It’s a fact that you have to spend money to save money. You can’t save without getting out there and proving your dominance in the marketplace by finding the bargains and partaking of them. A potential pitfall in your commitment to saving, however, is spending more than is appropriate just because you have coupons for certain items.
How do you know if the practice of using coupons is really helping you save money? When you convince yourself that your couponing habits are insuring low prices on the items you’re purchasing, you may lose perspective on the actual amount of items you are buying and on the amount of money you are actually spending.
How can you avoid the “coupon trap?” That’s the phenomenon that can occur when you believe you are saving but you are, in reality, buying more than you should and spending more than you intend. How does this occur? When you are confronted with a store-full of products and the potential bargains represented by a pocketful of coupons, you face a dangerous combination of factors. While you think you are in control of what ends up in your shopping cart, you may become unduly influenced by your desire to save.
Here are some ideas to bear in mind when shopping to keep your focus on saving, not on spending:
- Don’t buy an item you don’t need just because you have a coupon for it. While the price of an item may be extremely cheap with a coupon, spending money on items you simply don’t need or won’t use is a waste of your money. Those little expenses on unnecessary items really add up in a short time, eating into your overall saving.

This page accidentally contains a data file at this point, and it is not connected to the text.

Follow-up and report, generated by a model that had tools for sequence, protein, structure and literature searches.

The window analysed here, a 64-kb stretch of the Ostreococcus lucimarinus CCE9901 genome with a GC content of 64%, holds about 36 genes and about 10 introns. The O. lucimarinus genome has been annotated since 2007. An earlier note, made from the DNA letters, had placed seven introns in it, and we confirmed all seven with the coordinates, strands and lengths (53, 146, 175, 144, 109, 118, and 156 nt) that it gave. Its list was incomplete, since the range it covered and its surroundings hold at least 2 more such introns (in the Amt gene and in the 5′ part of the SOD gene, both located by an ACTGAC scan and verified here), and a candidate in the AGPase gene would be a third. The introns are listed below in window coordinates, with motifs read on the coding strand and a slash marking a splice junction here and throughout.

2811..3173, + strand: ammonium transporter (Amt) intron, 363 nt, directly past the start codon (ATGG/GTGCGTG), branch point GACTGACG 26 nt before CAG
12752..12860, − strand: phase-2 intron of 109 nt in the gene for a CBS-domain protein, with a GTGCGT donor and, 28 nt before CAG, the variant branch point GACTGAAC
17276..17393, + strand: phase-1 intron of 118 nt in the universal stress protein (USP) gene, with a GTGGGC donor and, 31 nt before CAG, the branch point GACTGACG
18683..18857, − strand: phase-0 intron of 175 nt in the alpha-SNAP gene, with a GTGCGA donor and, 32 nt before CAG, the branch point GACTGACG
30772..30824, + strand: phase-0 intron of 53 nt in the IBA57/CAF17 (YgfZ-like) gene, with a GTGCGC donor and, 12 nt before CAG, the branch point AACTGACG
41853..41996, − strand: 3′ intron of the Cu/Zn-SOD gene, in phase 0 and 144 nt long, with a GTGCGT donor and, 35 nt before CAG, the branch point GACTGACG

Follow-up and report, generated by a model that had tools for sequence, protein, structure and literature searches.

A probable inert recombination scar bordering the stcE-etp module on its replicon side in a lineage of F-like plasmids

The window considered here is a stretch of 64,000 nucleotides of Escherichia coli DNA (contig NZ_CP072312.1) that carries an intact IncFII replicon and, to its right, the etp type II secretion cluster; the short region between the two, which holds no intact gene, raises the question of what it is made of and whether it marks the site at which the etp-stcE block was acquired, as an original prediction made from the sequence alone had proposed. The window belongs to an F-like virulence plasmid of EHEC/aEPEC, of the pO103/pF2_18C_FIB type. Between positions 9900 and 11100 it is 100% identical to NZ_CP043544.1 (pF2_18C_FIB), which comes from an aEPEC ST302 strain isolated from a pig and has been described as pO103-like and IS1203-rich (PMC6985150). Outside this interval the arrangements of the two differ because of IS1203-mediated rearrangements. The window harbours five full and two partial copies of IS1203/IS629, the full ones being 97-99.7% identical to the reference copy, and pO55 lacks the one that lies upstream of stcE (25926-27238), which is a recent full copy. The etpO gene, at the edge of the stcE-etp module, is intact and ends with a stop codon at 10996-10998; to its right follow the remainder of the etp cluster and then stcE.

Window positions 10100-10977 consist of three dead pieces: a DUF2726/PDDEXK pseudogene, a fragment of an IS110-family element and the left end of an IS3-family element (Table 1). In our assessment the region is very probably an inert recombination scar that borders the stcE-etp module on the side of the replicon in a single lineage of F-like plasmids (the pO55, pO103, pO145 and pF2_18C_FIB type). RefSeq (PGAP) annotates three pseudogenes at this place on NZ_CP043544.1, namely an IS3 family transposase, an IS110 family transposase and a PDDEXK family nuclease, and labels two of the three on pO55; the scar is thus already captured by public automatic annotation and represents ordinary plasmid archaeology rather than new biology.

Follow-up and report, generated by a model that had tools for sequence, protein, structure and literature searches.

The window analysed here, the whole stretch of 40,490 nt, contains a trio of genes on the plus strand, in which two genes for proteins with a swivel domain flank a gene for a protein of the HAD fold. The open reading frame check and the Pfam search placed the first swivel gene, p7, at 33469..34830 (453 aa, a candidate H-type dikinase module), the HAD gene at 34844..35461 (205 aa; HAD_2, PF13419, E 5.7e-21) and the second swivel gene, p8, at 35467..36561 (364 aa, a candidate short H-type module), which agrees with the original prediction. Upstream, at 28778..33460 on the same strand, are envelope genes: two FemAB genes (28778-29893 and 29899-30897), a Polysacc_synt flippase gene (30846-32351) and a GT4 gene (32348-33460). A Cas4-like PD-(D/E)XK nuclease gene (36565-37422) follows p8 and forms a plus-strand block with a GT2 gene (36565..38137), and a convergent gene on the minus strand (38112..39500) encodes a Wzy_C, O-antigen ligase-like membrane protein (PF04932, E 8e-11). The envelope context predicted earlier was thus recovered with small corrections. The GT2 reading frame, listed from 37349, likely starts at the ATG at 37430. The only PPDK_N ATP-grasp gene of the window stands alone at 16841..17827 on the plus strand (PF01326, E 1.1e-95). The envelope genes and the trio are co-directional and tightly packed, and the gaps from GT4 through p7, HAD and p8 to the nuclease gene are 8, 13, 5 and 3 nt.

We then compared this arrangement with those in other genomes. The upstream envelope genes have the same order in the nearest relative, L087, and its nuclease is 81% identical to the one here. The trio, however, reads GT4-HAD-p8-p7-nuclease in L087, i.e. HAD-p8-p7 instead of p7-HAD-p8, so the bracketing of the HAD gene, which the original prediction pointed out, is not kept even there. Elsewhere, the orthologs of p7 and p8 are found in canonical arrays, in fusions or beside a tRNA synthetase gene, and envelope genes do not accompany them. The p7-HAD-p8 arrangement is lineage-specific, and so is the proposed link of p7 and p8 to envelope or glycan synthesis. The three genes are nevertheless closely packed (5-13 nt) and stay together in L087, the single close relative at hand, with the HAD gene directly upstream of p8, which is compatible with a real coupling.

- Determine if the coupon truly makes the product a bargain. Even when you can save a cool buck on an item, does that really make it your most economical choice? If it’s your favorite brand, you’ll appreciate the savings but if you don’t have a preference, be certain to compare cost per unit, even taking into account the coupon’s value.
- Don’t buy in such quantity that you either forget that you have the items or they go to waste. Regularly take stock of what you already have on hand. Do you really need six more cans of tomato sauce or could you already feed a hungry army on what’s in your pantry? Be especially cautious with perishable items. If you are only going to throw away a significant portion of what you bought due to spoilage, it would have been wiser to pass on the purchase in the first place. Keep in mind that sales and coupons come around frequently – this is not the only chance you’ll get to take advantage of a good deal. It’s only a bargain when you’re using it – not when you’ve simply transferred it from the store’s shelf to your shelf.
- Take related expenses into account. If you need to make a special trip to a certain store or travel a long distance to redeem coupons, remember that your time, effort and gasoline have value too. Make sure it’s really worth going out of your way to realize the savings from coupons or you’re simply trading one cost for another.
The best way to regard coupons is that they represent an opportunity for savings. It is up to you and your prudent spending habits to take advantage of that opportunity or let it slide until the next opportunity comes along.